(Bloomberg News) Donald Yacktman, whose Yacktman Focused Fund has won $1.5 billion in net deposits this year, is doing something rivals Bruce Berkowitz and Bill Miller aren't: making money for his clients.

Yacktman's fund beat 96 percent of peers in 2011 and at least 95 percent for the past five and 10 years, according to Morningstar Inc. Excluding small-cap managers and those with less than $200 million in assets, the only diversified U.S. stock funds to equal that mark as of Oct. 21 are his flagship Yacktman Fund, Artisan Mid Cap Value Fund, Wells Fargo Advantage Growth Fund, First Eagle U.S. Value Fund and SunAmerica Focused Dividend Strategy Portfolio.

"They may not be easy to find, but there are some top managers who can still outperform," Ronald Sugameli, chief investment officer of Weston Financial Group Inc. in Wellesley, Massachusetts, said in a telephone interview. His firm oversees $1.6 billion and invests in actively managed funds.

The six funds are still attracting customer deposits while many competitors grapple with redemptions and some of the biggest-name managers face mounting losses. Investors have pulled $349 billion from actively managed U.S. equity funds since the end of 2006, Morningstar data show, as two bear markets in the last decade shook their faith in stock pickers. The winning funds steered clear of this year's 23 percent decline in bank stocks, based on the KBW Bank Index.

The struggles of Berkowitz and Miller, who run funds that are down more than 25 percent in 2011, reinforce the view that stock picking doesn't work as well as index investing in the long run, said Geoff Bobroff, an industry consultant.

Seeing No Value

"People have thrown up their hands," Bobroff said in a telephone interview from East Greenwich, Rhode Island. "They don't think they can find enough managers who add value."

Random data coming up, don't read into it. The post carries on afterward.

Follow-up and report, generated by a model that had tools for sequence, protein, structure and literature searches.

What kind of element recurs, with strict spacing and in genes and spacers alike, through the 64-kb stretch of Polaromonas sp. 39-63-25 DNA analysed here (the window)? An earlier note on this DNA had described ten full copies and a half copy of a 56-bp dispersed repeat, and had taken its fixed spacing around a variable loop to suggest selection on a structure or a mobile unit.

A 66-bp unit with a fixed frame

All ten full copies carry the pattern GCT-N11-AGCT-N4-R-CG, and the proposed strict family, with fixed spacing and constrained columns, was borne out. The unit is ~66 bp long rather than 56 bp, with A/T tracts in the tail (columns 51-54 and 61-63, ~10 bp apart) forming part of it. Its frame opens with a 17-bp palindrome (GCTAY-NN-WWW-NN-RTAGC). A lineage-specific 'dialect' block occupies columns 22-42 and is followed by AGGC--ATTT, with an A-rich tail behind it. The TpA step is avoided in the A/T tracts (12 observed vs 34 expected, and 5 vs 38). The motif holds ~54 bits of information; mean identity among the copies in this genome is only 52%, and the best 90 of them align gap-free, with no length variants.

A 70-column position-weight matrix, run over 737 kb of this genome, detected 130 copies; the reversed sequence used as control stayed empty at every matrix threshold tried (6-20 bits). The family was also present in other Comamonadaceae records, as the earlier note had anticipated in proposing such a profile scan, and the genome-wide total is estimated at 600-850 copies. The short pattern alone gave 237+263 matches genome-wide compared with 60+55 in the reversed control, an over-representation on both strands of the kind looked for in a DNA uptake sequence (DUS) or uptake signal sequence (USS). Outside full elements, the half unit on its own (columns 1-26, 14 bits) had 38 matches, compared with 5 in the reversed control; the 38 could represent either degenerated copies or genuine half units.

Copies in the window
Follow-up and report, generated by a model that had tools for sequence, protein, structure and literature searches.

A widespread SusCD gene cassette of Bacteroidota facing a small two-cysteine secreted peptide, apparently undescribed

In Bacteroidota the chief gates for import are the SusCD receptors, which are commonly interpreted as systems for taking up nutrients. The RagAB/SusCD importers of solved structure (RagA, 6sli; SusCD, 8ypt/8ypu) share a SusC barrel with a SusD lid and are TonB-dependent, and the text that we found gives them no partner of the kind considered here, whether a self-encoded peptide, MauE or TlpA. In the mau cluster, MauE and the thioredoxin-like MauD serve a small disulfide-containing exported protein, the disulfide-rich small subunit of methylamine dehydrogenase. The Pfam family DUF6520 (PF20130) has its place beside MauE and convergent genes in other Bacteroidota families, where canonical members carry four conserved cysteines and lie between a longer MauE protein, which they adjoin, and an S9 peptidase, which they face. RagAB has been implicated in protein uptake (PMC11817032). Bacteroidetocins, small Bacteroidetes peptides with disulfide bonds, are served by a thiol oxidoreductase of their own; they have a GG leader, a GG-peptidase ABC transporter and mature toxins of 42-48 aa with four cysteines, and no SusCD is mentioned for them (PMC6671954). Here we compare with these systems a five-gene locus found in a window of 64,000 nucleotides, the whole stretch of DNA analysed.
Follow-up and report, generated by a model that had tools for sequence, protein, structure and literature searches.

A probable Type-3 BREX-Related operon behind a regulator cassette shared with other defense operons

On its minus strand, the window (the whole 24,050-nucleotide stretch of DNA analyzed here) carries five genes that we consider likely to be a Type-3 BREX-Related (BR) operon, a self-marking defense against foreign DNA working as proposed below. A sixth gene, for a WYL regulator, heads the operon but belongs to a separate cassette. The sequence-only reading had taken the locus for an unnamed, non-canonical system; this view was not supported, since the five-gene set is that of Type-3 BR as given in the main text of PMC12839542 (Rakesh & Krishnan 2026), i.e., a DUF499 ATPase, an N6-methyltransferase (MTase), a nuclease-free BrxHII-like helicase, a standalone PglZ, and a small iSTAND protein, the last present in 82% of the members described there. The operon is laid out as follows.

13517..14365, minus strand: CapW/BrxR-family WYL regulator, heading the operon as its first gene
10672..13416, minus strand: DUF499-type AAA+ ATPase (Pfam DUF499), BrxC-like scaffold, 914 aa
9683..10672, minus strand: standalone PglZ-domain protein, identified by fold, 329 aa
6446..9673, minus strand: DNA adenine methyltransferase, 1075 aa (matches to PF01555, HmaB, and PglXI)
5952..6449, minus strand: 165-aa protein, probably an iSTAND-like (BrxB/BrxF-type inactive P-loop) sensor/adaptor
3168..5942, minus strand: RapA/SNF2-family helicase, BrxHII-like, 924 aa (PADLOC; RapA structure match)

All six of the consistently strong funds have posted gains of at least 4.1 percent a year since the industry redemptions began in 2007, while the Standard & Poor's 500 Index has lost an average of 0.4 percent.

Berkowitz's $8.9 billion Fairholme Fund fell 26 percent this year through Oct. 21 with wrong-way bets on banks such as Charlotte, North Carolina-based Bank of America Corp., down 50 percent in 2011. Berkowitz was named domestic stock fund manager of the decade last year by Morningstar, the Chicago-based research firm.

Miller's $964 million Legg Mason Capital Management Opportunity Trust slumped 33 percent this year, hurt by declines in financial companies, including New York-based Citigroup Inc., which is down 33 percent. Miller's larger fund, the $2.8 billion Legg Mason Capital Management Value Trust, bested the S&P 500 for a record 15 straight years through 2005. That fund lost 5 percent this year.

Avoiding Banks

"There is no area we have spent more time looking at and not buying than banks," James Kieffer, co-manager of the $6.2 billion Artisan Mid Cap Value Fund, said in a telephone interview from Milwaukee.